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The microarchitecture of superscalar processors

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2 Author(s)
Smith, J.E. ; Dept. of Electr. & Comput. Eng., Wisconsin Univ., Madison, WI, USA ; Sohi, G.S.

Superscalar processing is the latest in along series of innovations aimed at producing ever-faster microprocessors. By exploiting instruction-level parallelism, superscalar processors are capable of executing more than one instruction in a clock cycle. This paper discusses the microarchitecture of superscalar processors. We begin with a discussion of the general problem solved by superscalar processors: converting an ostensibly sequential program into a more parallel one. The principles underlying this process, and the constraints that must be met, are discussed. The paper then provides a description of the specific implementation techniques used in the important phases of superscalar processing. The major phases include: (1) instruction fetching and conditional branch processing, (2) the determination of data dependences involving register values, (3) the initiation, or issuing, of instructions for parallel execution, (4) the communication of data values through memory via loads and stores, and (5) committing the process state in correct order so that precise interrupts can be supported. Examples of recent superscalar microprocessors, the MIPS R10000, the DEC 21164, and the AMD K5 are used to illustrate a variety of superscalar methods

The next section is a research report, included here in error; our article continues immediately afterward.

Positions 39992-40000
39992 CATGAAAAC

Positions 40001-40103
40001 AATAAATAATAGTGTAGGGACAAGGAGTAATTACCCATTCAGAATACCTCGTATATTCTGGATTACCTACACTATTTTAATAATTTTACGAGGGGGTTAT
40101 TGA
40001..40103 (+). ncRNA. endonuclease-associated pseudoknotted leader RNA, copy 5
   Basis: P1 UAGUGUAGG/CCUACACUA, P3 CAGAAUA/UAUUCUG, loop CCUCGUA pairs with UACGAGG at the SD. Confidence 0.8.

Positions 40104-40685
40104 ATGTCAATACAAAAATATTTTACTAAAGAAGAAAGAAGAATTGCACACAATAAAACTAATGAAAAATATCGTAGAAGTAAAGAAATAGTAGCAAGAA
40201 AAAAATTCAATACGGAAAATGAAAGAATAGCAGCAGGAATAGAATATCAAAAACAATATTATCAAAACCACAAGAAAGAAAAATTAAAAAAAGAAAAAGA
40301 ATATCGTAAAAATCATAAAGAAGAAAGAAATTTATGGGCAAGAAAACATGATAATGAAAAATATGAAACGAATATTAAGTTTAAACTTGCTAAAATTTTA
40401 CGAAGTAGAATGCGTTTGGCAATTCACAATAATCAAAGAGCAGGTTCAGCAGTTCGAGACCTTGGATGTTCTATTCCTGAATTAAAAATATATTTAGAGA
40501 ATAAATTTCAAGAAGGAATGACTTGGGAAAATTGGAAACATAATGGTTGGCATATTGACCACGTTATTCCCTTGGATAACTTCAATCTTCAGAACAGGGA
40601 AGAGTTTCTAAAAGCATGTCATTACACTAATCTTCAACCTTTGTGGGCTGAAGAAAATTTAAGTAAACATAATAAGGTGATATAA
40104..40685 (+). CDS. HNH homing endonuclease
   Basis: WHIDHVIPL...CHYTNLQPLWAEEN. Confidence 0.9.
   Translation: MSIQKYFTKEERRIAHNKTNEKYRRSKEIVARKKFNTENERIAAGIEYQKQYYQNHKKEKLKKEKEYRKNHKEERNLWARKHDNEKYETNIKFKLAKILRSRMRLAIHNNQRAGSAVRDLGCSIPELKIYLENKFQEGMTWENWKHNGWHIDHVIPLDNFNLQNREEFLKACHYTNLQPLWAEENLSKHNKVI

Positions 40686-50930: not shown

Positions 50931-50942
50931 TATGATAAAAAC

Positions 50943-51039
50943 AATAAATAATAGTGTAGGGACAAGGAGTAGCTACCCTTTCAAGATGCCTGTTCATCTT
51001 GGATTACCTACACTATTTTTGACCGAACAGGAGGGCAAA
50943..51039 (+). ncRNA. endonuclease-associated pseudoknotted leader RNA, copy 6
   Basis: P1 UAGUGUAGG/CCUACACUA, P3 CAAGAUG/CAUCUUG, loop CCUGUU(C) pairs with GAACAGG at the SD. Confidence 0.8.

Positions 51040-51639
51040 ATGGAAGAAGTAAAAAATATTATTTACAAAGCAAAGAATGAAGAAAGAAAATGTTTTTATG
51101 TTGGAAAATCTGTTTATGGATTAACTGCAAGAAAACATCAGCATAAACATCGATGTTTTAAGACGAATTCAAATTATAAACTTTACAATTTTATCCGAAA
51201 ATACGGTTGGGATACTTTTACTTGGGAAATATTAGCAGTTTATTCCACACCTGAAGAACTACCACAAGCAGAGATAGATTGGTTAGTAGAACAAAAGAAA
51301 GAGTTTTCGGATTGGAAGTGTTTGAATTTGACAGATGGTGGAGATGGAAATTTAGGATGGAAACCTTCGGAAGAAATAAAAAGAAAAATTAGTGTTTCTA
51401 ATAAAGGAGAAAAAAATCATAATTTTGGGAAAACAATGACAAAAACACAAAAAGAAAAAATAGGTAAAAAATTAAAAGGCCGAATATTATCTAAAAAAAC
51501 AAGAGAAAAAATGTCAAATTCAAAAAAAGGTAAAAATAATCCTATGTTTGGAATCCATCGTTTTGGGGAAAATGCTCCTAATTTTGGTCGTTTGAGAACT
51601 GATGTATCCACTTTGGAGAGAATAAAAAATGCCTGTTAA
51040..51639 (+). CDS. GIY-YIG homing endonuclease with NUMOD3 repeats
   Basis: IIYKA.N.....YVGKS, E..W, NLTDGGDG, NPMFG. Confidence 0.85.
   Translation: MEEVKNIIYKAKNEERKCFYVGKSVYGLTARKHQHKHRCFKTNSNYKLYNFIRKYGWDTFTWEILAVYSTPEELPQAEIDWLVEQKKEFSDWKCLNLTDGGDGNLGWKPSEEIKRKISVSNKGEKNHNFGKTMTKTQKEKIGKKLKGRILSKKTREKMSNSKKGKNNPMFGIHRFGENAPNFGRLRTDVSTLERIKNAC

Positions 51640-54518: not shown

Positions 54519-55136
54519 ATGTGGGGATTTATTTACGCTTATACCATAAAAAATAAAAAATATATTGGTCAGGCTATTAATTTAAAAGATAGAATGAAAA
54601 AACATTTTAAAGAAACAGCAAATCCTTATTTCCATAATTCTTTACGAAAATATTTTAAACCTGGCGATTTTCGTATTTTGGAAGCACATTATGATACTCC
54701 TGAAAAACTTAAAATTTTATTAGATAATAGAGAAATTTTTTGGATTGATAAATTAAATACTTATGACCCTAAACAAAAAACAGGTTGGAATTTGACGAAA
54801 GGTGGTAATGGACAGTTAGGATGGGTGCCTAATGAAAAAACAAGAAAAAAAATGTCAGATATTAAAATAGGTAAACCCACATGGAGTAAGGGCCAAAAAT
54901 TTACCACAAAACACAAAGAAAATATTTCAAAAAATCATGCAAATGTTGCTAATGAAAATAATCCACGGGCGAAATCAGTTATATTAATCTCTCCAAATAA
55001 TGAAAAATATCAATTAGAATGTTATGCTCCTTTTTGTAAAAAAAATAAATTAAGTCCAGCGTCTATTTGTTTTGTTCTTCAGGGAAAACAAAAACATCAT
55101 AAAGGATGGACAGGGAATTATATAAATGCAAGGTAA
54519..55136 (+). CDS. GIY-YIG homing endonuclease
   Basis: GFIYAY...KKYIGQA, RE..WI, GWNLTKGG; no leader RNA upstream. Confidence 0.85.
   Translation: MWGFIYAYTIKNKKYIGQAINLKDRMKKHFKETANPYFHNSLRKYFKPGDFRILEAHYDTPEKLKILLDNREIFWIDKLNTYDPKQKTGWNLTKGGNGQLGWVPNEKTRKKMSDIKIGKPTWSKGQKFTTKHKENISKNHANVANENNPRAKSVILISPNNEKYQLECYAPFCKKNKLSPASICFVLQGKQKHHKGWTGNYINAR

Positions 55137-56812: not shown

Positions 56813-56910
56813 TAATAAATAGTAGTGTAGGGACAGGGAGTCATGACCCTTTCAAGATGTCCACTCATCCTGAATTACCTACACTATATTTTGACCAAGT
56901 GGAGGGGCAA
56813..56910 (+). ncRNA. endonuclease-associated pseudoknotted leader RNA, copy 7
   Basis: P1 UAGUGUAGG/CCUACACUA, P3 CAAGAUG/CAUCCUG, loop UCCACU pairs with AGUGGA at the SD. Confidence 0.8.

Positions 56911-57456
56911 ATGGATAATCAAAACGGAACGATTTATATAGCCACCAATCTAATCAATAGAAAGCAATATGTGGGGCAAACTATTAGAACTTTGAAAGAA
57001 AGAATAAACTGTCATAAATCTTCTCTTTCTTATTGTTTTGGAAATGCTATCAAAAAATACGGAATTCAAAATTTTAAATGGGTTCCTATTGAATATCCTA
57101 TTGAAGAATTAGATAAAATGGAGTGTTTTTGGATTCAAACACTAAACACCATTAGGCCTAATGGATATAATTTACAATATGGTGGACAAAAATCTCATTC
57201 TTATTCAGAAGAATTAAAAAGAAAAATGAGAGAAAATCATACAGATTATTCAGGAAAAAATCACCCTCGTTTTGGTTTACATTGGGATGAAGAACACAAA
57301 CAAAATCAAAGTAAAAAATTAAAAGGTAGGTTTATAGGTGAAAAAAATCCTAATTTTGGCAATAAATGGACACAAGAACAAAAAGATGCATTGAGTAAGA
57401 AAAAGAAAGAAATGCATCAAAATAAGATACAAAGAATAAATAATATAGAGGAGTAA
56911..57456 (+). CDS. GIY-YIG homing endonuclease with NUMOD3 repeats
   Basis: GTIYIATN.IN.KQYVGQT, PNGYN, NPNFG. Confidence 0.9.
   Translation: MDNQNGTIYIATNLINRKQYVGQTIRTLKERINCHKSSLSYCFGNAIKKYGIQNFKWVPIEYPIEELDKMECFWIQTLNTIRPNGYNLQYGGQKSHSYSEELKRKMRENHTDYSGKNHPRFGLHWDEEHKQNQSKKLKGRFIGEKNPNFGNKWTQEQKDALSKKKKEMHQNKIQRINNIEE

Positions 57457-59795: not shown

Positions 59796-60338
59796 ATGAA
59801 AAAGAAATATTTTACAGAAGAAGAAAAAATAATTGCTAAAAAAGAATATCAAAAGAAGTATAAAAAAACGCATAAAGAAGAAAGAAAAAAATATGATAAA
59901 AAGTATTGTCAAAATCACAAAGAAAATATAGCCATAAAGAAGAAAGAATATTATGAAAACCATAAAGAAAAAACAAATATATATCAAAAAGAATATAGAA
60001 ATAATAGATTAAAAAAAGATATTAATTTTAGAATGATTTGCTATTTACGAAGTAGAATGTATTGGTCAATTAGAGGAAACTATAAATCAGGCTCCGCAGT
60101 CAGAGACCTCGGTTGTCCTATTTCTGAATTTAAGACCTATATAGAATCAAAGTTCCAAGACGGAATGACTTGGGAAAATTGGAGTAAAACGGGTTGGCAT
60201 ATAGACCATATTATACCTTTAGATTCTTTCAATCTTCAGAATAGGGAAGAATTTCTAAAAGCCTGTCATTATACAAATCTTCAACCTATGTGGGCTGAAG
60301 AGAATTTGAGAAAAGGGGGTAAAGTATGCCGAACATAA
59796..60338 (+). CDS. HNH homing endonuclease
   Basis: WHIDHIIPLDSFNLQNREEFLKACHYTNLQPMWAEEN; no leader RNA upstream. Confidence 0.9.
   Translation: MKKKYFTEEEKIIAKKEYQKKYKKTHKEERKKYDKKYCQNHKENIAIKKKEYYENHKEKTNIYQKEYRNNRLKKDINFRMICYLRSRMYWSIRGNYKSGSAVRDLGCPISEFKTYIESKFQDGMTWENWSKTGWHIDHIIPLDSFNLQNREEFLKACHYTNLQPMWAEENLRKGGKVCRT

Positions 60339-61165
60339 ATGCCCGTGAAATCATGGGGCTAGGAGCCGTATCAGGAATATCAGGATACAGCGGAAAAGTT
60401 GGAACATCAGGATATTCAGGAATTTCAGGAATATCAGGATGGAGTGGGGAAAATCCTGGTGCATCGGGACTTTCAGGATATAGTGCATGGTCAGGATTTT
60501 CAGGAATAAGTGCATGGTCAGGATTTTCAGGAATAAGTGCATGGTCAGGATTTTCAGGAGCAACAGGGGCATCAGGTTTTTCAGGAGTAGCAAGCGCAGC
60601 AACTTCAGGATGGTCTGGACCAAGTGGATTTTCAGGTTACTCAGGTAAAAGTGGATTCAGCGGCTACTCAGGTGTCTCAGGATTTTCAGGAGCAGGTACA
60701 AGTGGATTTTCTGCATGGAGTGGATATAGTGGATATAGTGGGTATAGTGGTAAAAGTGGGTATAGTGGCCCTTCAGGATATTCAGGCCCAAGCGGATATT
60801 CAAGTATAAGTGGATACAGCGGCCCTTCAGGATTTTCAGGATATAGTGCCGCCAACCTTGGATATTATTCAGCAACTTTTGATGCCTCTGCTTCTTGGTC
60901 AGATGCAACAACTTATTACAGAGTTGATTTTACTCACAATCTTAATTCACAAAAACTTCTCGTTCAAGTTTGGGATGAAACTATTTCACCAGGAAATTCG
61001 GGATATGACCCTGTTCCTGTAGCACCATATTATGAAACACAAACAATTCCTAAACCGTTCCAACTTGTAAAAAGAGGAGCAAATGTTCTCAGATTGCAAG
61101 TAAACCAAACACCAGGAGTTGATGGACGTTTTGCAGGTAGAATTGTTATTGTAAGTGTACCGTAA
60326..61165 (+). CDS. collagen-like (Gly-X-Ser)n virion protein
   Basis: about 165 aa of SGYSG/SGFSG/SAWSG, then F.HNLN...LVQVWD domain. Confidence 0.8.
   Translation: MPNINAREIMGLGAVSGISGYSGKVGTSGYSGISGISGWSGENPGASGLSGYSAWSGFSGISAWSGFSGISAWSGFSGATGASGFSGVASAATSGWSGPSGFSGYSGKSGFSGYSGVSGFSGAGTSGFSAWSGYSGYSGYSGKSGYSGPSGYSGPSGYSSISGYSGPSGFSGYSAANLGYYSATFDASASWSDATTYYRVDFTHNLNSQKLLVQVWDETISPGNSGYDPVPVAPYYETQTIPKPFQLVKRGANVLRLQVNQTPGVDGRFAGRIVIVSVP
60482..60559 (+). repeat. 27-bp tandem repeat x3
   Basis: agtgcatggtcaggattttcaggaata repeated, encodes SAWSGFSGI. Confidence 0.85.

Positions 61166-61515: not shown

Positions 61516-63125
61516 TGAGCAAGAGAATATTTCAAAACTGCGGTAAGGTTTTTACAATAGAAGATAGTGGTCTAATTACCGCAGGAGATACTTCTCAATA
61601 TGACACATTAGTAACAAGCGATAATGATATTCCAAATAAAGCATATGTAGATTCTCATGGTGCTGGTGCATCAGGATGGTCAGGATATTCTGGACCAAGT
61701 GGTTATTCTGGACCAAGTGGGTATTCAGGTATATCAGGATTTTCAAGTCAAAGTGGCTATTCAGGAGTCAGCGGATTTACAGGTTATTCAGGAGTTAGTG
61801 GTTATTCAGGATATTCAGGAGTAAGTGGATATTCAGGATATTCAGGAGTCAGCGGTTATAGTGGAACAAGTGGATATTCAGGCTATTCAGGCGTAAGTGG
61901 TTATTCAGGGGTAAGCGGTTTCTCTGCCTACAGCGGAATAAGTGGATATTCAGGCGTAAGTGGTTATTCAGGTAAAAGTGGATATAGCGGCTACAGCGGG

Published in:

Proceedings of the IEEE  (Volume:83 ,  Issue: 12 )